Folks, “professional” is not a bad word. Working your ass off through rigorous training doesn’t automatically mean you can’t think outside the box. Years of experience doesn’t mean you’re old and don’t apply anymore. Would you expect some untrained person to be as consistent as Norm Abrams? Just because Norm has been in the business for decades, does that mean he can no longer function? Have you watched This Old House? Mastery of one’s craft takes a lifetime. It doesn’t mean you have to know everything, but it does mean you know who to ask. And I don’t see why being good at what you do and knowing a solid, proven methodology is such a horrible concept-- to the point of insulting professionals for merely suggesting to Pat that s/he might want to look before leaping. And, being nice people who care about their craft and whose latest project is their calling card, they take it upon themselves to make it work. That my friends is eking by, not a mandate. Yes, it may work out in the end at least to an extent, but the means matter. The means matter because they always have longer lasting ramifications. Ramifications beyond that one project and perhaps even into our everyday lives.

This is not an attack on layman or on independent endeavors. I don’t think you need a huge corporation to do... well, much of anything. I’m actually a firm believer in partnerships and localizing. What I’m saying is there is a standard that should be sought and fought for. The standard is the challenge. If we keep lowering the standards and slapping down anyone who strives to exceed them, we hurt ourselves as a people. These habits bleed into the rest of our culture. This goes for high school math brains to musicians trying to share their music. It also goes for anti-social artist types and mighty athletes. It’s not the accolades that matter; it is the progression of the human race. Striving to be a pornstar college dropout Heroin addict? That’s a goal? Being the person with the most hits on Myspace or most friends on Facebook is a goal? Posting pics of your cleavage and of you and your friends getting drunk is bucking the system? As long as you have the latest cell phone, all is right with the world? What the crap is going on here? Would you want to go under the knife of a surgeon who believes a few mistakes here and there aren’t so bad? This devolution is occurring because people are lowering their standards for everything. This may be because a growing mass of people are becoming evermore lazy and wish to satisfy whimsical and shallow desires ASAP. I want, therefore I am. Is that what we're saying?! Perhaps I should have entitled this “Why is REALITY a Dirty Word?” Face up, anything good takes time and effort and you never do anything totally alone. If you want something really good, open your mind and heart and listen to a professional who might know a thing or two about what you’re trying to do. Even if that pro is a psychologist. And when you’re done, be realistic about what the final product is and strive to do better next time. And PLEASE strive to pay people an acceptable wage or make it worth everyone’s while somehow. All I ask is that you don’t use professionals as mindless tools, keep your promises and don’t ask anyone to sacrifice their integrity to complete your project. We’re all in this together. Making adjustments for safety, courtesy or quality doesn’t make it any less your baby. And lastly, give credit where credit is due. Not only make sure you have everyone’s name spelled correctly, but if someone on your staff was key to the completion of your project, let people know. Acting like you did it all alone will only harm you in the long run. If you can loosen up on the reigns a little, you’ll find you still stay on course and it’s a more rewarding ride.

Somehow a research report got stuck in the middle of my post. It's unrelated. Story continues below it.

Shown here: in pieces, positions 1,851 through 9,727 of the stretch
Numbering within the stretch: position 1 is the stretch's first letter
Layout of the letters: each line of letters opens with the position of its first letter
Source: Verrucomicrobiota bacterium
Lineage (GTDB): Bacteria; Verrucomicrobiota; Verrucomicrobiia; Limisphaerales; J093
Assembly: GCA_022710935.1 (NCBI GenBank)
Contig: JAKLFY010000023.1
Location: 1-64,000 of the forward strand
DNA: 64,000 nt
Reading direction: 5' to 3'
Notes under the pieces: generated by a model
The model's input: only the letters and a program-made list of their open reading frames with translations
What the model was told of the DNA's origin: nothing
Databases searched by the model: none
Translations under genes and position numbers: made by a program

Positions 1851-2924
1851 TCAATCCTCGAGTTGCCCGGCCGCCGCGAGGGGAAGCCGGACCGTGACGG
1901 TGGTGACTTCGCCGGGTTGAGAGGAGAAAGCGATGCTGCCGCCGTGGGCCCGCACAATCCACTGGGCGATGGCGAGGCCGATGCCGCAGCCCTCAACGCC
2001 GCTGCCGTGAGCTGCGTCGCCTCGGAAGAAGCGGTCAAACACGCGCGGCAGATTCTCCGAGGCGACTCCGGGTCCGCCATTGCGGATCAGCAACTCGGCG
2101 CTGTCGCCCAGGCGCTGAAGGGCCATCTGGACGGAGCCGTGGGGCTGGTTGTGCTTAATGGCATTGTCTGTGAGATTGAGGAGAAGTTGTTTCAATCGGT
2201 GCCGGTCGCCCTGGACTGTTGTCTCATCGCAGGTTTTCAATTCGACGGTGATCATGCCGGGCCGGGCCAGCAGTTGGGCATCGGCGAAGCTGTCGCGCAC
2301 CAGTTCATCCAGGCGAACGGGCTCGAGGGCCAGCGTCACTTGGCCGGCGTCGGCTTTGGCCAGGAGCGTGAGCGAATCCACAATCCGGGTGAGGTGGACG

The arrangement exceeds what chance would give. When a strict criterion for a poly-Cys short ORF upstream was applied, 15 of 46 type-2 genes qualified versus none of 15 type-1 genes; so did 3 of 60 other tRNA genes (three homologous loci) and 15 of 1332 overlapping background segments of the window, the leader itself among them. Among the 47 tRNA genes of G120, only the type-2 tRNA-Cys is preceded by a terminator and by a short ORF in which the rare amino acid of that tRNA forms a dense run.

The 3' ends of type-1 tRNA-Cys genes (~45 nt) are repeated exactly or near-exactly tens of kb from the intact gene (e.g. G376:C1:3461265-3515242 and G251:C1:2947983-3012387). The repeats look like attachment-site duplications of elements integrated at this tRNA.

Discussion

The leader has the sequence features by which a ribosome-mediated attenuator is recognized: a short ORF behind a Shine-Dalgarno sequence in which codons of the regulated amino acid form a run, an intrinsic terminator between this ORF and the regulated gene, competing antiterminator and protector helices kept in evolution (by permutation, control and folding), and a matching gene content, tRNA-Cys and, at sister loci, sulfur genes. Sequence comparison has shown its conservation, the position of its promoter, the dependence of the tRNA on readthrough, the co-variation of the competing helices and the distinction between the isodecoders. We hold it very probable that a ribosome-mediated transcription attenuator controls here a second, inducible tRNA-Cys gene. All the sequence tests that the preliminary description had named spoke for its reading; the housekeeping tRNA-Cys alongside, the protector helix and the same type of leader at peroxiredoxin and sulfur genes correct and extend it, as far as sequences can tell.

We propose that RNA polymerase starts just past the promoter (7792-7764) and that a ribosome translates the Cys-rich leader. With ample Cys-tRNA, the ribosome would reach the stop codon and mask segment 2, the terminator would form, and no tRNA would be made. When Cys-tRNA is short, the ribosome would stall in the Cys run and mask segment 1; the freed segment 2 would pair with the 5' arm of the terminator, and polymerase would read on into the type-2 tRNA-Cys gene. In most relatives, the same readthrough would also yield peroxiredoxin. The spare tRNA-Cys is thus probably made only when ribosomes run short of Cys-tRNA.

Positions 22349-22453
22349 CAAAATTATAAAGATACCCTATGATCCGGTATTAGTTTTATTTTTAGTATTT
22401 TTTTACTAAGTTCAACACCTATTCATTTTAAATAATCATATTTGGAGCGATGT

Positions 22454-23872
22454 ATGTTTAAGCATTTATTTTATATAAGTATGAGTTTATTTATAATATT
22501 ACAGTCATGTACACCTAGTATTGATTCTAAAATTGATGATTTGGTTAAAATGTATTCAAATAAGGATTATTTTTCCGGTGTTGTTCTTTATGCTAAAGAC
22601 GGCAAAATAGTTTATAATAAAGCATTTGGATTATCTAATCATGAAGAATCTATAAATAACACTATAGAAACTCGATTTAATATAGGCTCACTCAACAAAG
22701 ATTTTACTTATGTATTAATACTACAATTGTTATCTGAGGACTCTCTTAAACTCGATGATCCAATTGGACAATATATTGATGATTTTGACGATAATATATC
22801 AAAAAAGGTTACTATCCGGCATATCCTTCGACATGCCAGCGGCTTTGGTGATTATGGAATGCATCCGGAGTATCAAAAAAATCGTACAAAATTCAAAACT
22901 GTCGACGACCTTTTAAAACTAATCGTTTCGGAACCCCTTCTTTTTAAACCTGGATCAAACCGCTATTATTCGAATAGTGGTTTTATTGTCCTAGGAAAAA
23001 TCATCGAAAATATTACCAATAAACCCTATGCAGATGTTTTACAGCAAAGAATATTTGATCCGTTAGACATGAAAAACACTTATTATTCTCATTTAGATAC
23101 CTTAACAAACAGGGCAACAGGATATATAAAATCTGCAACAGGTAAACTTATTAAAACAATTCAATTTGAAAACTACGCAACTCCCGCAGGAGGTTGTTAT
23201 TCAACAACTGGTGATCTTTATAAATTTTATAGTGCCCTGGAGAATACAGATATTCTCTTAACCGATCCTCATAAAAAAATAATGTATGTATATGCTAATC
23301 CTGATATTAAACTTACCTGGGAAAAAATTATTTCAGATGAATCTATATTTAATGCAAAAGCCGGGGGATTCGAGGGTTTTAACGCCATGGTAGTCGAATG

That’s enough metaphor for one day! Thanks for reading. Please share your opinions and experiences. I mean that! Also, please take some time today to hug a professional. They need hugs, too.